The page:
God never forgets us

By Nevin Nitschke

In a town in the Malaysian countryside, Reverend Kuang Kar Loong gathers the 60 people of his congregation for worship. During sharing and testimony, Brother Lee addresses the congregation. He looks around and begins with the words, Tonight we give thanks to the King of kings and Lord of lords who has allowed us to […]

In a town in the Malaysian countryside, Reverend Kuang Kar Loong gathers the 60 people of his congregation for worship. During sharing and testimony, Brother Lee addresses the congregation. He looks around and begins with the words, Tonight we give thanks to the King of kings and Lord of lords who has allowed us to gather together.

Brother Lee’s people, the Indigenous Orang Asli people of Malaysia, know what it is like to be a forgotten people.

Sixty years earlier he had attended an evening class run by visiting teachers who were in the area to share the gospel. Mystified by the presence of visitors to their village, Brother Lee and other locals were attracted to the class out of curiosity. No-one had previously shown any interest in the Orang Asli.

Brother Lee was comforted on that night 60 years ago. Brothers and sisters from far away countries had given witness to the fact that God never forgets or abandons anyone, not even the Orang Asli.

Later, Pastor Hans from Germany had visited and, because they were with a pastor, the small group of believers could venture out between 6.00pm and 9.00pm in the evenings, three nights a week. The group put benches in an old van and would encourage people wherever they stopped, to sit on the benches in the van and listen to the good news of Jesus. It was in these years that Pastor Hans gave the small church guidance to grow and become leaders. As Brother Lee says looking back, Thanks to God for these gatherings!’

Six decades on, many of the young believers have moved to the larger cities in Malaysia. But 60 people still form the heart of this church and Brother Lee reminds his family of believers that: ‘We must pass the gospel onto our children and persevere in bringing people to know Jesus.’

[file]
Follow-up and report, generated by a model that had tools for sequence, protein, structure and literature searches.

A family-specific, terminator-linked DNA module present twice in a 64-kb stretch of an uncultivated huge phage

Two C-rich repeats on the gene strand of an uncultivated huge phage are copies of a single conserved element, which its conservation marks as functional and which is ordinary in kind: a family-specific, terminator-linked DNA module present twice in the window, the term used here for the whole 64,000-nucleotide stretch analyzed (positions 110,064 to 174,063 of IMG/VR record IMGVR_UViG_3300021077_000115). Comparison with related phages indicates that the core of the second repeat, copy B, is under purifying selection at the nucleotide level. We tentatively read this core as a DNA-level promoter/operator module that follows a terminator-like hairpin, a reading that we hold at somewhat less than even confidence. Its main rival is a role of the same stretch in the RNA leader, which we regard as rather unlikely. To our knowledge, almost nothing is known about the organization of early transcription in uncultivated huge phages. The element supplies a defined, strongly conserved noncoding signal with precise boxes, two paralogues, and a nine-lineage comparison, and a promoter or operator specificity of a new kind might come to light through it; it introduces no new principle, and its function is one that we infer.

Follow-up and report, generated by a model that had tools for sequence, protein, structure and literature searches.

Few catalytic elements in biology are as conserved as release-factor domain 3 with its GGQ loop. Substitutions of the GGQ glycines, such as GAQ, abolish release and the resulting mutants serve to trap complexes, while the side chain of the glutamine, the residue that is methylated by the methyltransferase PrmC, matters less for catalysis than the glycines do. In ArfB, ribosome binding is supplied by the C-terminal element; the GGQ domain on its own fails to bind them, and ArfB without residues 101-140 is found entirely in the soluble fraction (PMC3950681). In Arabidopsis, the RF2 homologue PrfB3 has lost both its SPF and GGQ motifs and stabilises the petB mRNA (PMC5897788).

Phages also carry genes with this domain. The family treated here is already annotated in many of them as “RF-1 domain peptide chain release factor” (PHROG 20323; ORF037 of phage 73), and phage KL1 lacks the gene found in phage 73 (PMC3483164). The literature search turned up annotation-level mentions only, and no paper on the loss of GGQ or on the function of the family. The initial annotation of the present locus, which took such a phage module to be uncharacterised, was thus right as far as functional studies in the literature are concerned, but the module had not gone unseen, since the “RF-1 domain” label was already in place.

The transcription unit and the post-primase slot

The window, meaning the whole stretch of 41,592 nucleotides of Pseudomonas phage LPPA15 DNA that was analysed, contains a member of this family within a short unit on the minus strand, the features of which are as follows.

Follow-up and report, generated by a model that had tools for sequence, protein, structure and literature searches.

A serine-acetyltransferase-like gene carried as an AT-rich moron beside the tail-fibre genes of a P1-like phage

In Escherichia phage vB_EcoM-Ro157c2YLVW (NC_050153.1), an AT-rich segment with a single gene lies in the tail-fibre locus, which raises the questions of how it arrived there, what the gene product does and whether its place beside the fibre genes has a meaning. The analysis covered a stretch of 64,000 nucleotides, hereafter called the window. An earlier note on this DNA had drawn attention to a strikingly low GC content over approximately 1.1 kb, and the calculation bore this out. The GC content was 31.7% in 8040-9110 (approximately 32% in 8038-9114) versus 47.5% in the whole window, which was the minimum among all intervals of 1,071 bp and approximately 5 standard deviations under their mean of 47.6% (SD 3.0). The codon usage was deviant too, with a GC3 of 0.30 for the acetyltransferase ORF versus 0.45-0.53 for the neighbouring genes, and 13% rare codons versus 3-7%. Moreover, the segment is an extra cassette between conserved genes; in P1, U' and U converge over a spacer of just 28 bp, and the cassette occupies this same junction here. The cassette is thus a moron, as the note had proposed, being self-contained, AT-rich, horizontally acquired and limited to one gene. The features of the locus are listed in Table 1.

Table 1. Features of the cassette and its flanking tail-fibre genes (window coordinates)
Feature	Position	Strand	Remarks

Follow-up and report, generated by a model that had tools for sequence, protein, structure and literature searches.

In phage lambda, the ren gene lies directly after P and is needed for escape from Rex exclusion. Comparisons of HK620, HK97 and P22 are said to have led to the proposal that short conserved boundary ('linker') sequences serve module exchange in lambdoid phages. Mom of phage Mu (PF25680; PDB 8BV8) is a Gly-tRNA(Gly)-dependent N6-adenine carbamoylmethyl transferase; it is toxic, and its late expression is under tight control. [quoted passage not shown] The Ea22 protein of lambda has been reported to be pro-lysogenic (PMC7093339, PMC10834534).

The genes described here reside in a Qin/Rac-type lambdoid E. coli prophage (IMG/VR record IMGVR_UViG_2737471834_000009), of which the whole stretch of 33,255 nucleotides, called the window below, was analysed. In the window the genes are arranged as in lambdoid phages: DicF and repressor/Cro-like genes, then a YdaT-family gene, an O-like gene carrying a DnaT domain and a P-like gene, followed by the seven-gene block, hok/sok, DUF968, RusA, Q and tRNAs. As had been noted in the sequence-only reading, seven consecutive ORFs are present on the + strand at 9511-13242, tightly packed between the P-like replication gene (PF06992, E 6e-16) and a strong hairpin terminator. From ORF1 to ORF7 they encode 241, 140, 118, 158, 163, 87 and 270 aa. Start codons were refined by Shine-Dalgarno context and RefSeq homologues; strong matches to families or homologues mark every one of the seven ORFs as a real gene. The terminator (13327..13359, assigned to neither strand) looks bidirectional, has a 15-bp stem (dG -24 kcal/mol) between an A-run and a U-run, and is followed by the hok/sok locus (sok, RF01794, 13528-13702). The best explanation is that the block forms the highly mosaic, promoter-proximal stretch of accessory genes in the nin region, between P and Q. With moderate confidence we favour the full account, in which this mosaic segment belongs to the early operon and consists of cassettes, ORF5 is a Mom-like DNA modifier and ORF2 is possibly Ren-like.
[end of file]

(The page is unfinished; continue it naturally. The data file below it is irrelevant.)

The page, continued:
The Orang Asli are a humble people and a people who know hardships.

The church runs youth camps and has many of the children from the community attend, but more work needs to happen.

Brother Lee and his church face many of the same challenges our congregations in the LCA/NZ face, as well as many unique difficulties as an indigenous Christian people in a country with a Muslim-majority population.

Brother Lee asks that you pray for him and for his church. He especially requests your prayers for:

  • hearts that are submissive to God so that they can carry out all that God has entrusted to them
  • other shepherds for their town where Reverend Kuang Kar Loong is the only pastor
  • building extensions, even though the government is not in favour of this
  • more pastors in the Lutheran Church in Malaysia to serve in smaller rural villages.

Many of our partner churches are working in new territory for the kingdom of God; therefore, spiritual attack is their everyday reality. As a member of a congregation, school, or family, or a couple or individual, you are invited to commit to praying for our partners in mission. For regular prayer point updates, go to www.lca.org.au/international-mission/act-now/pray

Read more stories about our partner churches in Malaysia at http://www.lcamission.org.au/category/stories/international-partners/malaysia-peninsula/

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About the Author : Erin Kerber


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